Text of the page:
KUALA LUMPUR, March 8 — Islamic finance will continue to grow in 2022 as economic recovery accelerates, particularly in the Gulf Cooperation Council (GCC) region, Moody’s Investors Service said.

Its vice president-senior analyst Ashraf Madani said the economic recovery in key Islamic finance markets will boost credit growth and demand for Shariah-compliant products and it expects Islamic banks’ asset growth to continue to outperform their conventional peers.

“At the same time, we expect higher oil prices to lead to lower sukuk issuance in 2022, largely driven by lower financing needs in the GCC,” he said in a statement today.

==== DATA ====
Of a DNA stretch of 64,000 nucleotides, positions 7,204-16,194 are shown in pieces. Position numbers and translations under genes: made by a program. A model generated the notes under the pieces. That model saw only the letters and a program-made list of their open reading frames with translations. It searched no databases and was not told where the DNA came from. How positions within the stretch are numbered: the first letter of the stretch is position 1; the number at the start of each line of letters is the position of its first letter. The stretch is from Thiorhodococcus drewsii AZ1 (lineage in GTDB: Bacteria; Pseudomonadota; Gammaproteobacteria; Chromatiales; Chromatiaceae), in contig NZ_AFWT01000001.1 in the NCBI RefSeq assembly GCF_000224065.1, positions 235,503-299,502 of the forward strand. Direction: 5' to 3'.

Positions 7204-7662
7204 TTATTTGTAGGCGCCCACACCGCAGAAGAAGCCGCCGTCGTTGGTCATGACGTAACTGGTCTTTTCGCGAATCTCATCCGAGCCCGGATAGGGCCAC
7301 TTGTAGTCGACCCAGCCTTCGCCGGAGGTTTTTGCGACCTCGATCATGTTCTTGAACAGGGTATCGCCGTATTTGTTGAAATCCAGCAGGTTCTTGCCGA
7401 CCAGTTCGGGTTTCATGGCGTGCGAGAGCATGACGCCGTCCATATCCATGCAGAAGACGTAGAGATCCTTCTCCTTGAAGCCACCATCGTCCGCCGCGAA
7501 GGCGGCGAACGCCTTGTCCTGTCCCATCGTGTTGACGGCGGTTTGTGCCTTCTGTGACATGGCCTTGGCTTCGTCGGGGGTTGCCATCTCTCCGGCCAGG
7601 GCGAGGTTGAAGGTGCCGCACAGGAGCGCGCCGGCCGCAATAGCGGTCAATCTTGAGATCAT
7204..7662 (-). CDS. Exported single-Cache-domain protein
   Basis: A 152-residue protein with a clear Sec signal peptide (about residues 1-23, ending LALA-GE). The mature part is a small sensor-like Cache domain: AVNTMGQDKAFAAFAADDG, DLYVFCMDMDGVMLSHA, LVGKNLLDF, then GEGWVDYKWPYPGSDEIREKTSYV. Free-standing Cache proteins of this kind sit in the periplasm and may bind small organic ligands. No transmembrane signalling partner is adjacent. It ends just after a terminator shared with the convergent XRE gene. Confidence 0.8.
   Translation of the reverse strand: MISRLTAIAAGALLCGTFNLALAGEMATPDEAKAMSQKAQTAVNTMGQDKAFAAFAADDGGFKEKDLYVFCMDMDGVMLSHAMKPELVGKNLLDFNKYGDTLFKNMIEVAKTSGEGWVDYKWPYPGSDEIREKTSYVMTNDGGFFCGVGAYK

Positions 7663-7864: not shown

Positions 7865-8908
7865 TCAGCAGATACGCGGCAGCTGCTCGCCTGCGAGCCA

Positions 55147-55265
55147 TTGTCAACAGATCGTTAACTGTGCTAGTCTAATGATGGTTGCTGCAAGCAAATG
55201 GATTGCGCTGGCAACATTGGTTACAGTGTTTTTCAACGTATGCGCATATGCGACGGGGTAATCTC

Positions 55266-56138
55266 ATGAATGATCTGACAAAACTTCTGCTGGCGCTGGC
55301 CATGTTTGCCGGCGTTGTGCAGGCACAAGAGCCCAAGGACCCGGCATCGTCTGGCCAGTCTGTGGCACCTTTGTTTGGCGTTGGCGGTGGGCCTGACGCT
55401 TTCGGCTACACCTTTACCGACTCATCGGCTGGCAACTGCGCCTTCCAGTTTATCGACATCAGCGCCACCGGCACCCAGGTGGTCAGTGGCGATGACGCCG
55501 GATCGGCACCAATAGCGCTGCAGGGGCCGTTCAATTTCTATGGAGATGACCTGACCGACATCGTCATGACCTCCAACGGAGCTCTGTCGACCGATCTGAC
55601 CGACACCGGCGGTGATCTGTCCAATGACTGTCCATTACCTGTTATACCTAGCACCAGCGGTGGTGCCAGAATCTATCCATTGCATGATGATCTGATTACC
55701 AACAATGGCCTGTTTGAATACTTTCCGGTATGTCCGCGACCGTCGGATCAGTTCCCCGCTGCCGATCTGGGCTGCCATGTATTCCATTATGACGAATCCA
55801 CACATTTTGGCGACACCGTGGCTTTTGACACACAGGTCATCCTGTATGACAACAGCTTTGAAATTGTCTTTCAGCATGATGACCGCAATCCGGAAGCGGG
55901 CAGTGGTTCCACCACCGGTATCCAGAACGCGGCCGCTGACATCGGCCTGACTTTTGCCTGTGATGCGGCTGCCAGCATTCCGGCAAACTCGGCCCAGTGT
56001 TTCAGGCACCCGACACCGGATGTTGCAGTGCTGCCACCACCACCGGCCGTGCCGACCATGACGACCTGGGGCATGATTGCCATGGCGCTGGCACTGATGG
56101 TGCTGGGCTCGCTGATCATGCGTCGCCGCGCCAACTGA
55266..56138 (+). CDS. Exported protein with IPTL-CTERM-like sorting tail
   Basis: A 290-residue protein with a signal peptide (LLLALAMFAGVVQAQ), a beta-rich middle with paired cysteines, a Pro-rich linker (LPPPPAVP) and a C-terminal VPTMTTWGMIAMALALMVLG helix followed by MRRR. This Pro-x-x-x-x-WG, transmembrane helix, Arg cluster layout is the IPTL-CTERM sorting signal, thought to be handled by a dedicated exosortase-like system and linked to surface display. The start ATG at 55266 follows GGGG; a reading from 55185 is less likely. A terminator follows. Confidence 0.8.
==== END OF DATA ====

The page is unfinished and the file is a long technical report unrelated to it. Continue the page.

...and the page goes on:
The research firm noted that sukuk issuance fell 12 per cent to US$181 billion in 2021 amid lower sovereign funding needs in the GCC region and Indonesia amid higher oil prices and an economic recovery.


Moody’s said issuance activity is expected to further decline in 2022 to US$160-US$170 billion.

In 2020, assets under management (AUM) for Islamic funds rose to a new high of US$140 billion, up 31.9 per cent year-on-year.

According to Moody’s estimates, Islamic fund AUM continued to record robust growth in 2021, driven by the improved economic environment, strong equity market performance and increasing investor demand.


These drivers will likely continue to support AUM expansion beyond 2021, it added.

Meanwhile, takaful premiums are likely to keep growing moderately in the next two to three years, helped by rising demand for medical insurance as more GCC, African and Southeast Asian countries introduce compulsory health cover, it said.

Moody’s said in highly competitive markets such as the GCC, takaful operators who lack scale currently are expected to accelerate their technology investment and seek out mergers and acquisitions. — Bernama